We took a low-level look at what else might be going on under the hood, and spotted another problem: the client saved our server login credentials to a plain text file, every time we connected, and didn't delete this when the session was over. If you were infected by malware, it's possible this could harvest your credentials, allowing hackers to connect to FastestVPN via your account. That's extremely unlikely to happen - and we informed FastestVPN of our findings before publishing this review, so hopefully the issue is now fixed - but our concern is that it was possible at all. You surely don't need a lifetime of experience in internet security to realize that saving user logins in plain text is probably a bad idea.


In addition to mobile apps, FastestVPN also provides setup guides for other platforms (Image credit: FastestVPN)

FastestVPN's mobile apps look a little different to the Windows edition, with the interface rearranged a little to suit the new form factor. 

They're also short on configurability. The Android app's settings offer a limited choice of protocols (OpenVPN TCP/ UDP and IKEv2), a kill switch, and simple split tunneling to decide which apps use the tunnel, and which don't. If you're hoping for, say, an option to automatically connect whenever you access insecure networks which aren't on your whitelist, for instance, you're going to be disappointed.

Still, the mobile apps cover the VPN basics, and are simple and straightforward to use. They may not satisfy demanding users, but otherwise they're good enough to get by.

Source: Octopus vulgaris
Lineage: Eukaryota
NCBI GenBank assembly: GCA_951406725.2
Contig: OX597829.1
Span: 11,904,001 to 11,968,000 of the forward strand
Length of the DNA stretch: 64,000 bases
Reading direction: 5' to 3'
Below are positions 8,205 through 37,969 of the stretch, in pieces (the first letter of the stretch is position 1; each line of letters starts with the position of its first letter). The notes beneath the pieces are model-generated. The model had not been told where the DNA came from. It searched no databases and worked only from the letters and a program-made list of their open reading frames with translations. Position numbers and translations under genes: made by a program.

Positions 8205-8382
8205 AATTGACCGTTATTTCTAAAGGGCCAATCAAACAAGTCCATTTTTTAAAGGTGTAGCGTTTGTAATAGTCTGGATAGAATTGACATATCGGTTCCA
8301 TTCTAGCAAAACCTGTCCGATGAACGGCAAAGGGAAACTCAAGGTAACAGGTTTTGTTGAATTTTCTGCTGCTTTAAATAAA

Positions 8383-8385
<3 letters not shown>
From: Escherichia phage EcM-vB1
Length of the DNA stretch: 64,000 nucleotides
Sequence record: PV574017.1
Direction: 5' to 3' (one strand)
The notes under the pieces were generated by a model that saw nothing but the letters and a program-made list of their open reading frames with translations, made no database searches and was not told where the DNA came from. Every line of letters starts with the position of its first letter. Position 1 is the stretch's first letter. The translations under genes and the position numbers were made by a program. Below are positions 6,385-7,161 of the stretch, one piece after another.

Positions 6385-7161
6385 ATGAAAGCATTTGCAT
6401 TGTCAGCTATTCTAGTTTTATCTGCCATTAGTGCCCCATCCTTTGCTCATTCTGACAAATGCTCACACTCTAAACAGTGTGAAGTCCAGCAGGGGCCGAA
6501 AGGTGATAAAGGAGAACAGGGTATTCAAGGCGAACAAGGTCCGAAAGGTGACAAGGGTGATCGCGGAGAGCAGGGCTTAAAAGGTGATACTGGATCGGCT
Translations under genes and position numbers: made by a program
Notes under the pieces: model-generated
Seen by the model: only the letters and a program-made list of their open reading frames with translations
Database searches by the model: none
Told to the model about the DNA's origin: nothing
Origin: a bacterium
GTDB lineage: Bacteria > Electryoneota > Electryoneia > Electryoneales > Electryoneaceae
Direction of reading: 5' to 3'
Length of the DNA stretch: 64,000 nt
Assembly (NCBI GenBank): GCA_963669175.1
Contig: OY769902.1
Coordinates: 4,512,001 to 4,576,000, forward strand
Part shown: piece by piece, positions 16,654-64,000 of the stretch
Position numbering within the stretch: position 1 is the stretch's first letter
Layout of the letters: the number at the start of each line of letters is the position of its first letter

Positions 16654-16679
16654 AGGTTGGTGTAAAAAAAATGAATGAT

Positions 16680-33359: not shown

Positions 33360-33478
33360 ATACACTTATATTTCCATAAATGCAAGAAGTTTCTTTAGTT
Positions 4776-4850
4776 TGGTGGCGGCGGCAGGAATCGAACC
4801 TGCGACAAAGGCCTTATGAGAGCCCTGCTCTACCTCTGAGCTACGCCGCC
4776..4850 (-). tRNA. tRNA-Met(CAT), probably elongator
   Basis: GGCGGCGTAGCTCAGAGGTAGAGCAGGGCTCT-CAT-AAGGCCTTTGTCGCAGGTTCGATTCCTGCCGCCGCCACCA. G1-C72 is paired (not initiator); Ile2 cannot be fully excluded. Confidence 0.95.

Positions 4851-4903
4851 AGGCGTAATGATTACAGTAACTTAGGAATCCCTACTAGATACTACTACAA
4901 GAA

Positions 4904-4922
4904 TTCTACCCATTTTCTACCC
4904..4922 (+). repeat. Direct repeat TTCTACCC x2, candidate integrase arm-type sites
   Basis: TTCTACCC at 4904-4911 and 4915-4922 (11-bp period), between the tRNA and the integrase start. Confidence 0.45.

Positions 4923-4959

New Speedtest Image

We use a number of different speed tests to determine the performance of each VPN we review (Image credit: Ookla)


The FastestVPN website isn't shy about its website unblocking credentials, boasting that the service allows you to 'stream, buffer, watch and listen content that is censored and geo-restricted – from anywhere around the world.'

Our real-world experience was a little different. When we connected to FastestVPN's UK server, for example, it couldn't get us into BBC iPlayer, with the site displaying its usual 'this content is not available in your location' error.

Amazon Prime Video blocked us, too, but we did manage to access US Netflix, and had some limited success with Disney+ (the US servers didn't work, but we could stream content via the UK and some other countries.) Not great, at all, but maybe good enough for some.

Our privacy tests gave more positive results, with multiple sites unable to detect any IP or DNS leaks.

FastestVPN also includes ad blocking, at least according to the website. We're skeptical of the type of ad blocking included with many VPNs, as it often makes no apparent difference at all, but FastestVPN was a surprise: it made even the most ad-packed pages readable again. The system isn't as effective as free tools like uBlock Origin, but it's good enough to be useful, especially as blocking at the VPN level means it automatically works on every device you connect to it, without having to install any further software.

Our speed tests found FastestVPN delivering 35-50Mbps in the UK on our 75Mbps test line. Forget the name, that's far from the fastest VPN-- most of the quality competition manages 65Mbps+ on the same connection.

(We found FastestVPN averaged around 50Mbps during our last review, too, so this looks to be more than some temporary issue, like a busy server.)

35-50Mbps is perfectly adequate for many situations, though, and we found FastestVPN scored for delivering similarly capable speeds all across its network. Even switching to the more distant servers made little difference, with connections from the UK to Brazil, Australia, India and Hong Kong all returning capable download speeds of 20 to 40Mbps.

Final verdict

FastestVPN isn't the fastest VPN we've seen, or the most powerful, and its Windows app has some worrying technical issues - ExpressVPN would make a far better choice. But it's also easy to use, and can be seriously cheap, and the service is worth a look for experienced users who are happy to run their own tests.